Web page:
The subject was supposed to be football.
The talk was hurricane.
All of the Southland Conference football coaches have either lived, coached, recruited on the Gulf Coast or have experienced a hurricane or all of the above.
While the season-openers were on their minds, so was Isaac, especially at Nicholls State and Southeastern Louisiana, which were in the crosshairs of Isaac and were getting pounded Wednesday.
So during each coach’s turn on the conference call, the first thing they talked about was hurricane preparation or experience.
"Having lived in Southeast Louisiana for 20 years, my thoughts and prayers go to friends, family and colleagues in that area; I know what that is like," said UCA coach Clint Conque.
"It’s hard to work on a game plan when you can’t practice," said Nicholls State coach Charley Stubbs, whose team opens at Oregon State but faces the travel logistics of trying to get a team out of southeast Louisiana.
"I’ve been there, done that; I’ve been through it," said McNeese State coach Matt Viator. McNeese State actually had to stay and practice at Southeastern Louisiana’s facilities across state in Hammond after Hurricane Rita a few years ago.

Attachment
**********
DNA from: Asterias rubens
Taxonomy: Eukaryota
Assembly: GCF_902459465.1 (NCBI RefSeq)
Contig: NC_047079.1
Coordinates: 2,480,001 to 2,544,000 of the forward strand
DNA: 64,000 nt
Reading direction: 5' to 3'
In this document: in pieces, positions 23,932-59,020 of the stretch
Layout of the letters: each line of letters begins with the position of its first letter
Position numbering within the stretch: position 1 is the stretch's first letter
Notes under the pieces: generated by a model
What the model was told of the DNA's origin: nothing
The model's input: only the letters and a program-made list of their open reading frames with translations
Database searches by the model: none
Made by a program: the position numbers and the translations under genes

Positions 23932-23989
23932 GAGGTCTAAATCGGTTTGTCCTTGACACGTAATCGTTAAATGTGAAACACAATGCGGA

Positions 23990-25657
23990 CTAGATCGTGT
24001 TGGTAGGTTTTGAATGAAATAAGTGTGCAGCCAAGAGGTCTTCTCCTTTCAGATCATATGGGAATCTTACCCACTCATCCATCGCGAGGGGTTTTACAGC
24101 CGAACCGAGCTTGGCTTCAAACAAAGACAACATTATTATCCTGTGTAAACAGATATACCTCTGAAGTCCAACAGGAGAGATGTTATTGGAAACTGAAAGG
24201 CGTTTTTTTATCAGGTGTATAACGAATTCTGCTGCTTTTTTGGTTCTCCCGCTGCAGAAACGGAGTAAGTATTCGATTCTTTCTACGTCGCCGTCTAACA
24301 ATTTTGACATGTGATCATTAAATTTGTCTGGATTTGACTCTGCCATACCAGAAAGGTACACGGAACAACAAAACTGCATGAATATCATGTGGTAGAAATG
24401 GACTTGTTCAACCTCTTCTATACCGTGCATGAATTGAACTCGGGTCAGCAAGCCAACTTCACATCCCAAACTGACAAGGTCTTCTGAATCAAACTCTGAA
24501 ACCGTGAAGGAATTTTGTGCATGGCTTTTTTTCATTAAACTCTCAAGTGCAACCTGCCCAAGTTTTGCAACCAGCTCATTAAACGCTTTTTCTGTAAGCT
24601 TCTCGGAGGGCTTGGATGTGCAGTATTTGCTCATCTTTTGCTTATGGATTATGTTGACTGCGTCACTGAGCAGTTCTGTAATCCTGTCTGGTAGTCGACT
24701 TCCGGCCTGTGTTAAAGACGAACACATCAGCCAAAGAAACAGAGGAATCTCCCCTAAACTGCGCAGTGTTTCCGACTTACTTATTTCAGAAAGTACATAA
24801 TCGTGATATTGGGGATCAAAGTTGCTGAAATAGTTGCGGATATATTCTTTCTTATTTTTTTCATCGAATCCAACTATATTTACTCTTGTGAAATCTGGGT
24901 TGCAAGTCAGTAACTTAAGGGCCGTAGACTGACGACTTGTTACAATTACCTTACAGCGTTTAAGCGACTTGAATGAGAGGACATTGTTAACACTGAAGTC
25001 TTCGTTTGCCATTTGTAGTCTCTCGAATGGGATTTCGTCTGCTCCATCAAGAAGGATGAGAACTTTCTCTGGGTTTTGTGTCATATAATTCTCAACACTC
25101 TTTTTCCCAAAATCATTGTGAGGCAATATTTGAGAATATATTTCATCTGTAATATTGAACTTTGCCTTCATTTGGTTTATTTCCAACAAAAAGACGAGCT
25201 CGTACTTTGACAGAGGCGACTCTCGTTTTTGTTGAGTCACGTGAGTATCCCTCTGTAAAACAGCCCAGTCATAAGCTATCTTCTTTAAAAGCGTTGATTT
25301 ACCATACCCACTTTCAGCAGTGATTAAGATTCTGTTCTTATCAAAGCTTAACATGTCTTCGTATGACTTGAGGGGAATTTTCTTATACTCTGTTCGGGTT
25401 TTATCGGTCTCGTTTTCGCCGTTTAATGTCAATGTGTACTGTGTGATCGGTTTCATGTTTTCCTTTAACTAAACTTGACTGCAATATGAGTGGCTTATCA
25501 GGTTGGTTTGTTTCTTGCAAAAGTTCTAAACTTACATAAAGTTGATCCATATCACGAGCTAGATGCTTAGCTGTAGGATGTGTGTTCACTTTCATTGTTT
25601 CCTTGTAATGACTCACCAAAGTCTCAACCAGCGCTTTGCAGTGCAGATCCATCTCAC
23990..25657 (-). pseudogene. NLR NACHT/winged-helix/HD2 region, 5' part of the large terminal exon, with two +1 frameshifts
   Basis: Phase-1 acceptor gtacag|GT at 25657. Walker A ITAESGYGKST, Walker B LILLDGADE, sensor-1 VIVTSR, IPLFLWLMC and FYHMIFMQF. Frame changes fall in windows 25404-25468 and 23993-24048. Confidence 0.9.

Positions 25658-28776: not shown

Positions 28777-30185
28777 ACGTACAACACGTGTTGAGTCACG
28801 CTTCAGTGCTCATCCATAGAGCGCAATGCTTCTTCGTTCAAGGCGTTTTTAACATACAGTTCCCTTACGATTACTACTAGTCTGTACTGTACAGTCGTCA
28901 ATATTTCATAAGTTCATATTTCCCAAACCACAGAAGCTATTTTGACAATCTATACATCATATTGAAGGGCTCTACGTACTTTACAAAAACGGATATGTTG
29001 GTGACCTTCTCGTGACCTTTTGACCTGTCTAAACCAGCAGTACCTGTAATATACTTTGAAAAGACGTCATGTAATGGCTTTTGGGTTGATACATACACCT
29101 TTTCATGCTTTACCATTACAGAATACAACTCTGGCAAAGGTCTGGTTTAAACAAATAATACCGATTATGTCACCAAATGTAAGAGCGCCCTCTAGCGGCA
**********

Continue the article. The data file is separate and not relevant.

Isaac forced the Cowboys, based in Lake Charles, to change their travel plans to travel to Middle Tennessee State a day early.
"When I first came to here, we had a major hurricane (Rita) passed right over us (in Beaumont, Texas)," said Lamar coach Ray Woodard. "That’s scary. I’m praying for the people in the Gulf, too."
"The first thing is to make sure your kids get to a safe location, whether at home or here, then you play it by ear," said Ron Roberts of Southeastern Louisiana. Hammond was in the main area of Isaac’s sites.
Northwestern State, which is in the Shreveport area, is bussing its team to Lubbock, Texas, for the opener against Texas Tech a day early.
Northwestern State, like every SLC school, recruits in the Gulf Coast area.
"We have a lot of worried young men because of what has happened to their families in the past in hurricanes," said NSU coach Bradley Dale Peveto, who grew up watching potential hurricane tracks in southeast Texas. "It does affect your kids, no doubt about it."
Naturally, the coaches are fierce rivals on the field. But there was a sense of comraderie during the conrference.
Viator, at the close of his turn on the phone, said, "You folks at Southeastern and Nicholls, be safe."
"There’s nothing in the Coaching 101 manual that covers what you do in case that a hurricane hits," said Roberts.
(Sports columnist David McCollum can be reached at 505-1235 or firstname.lastname@example.org)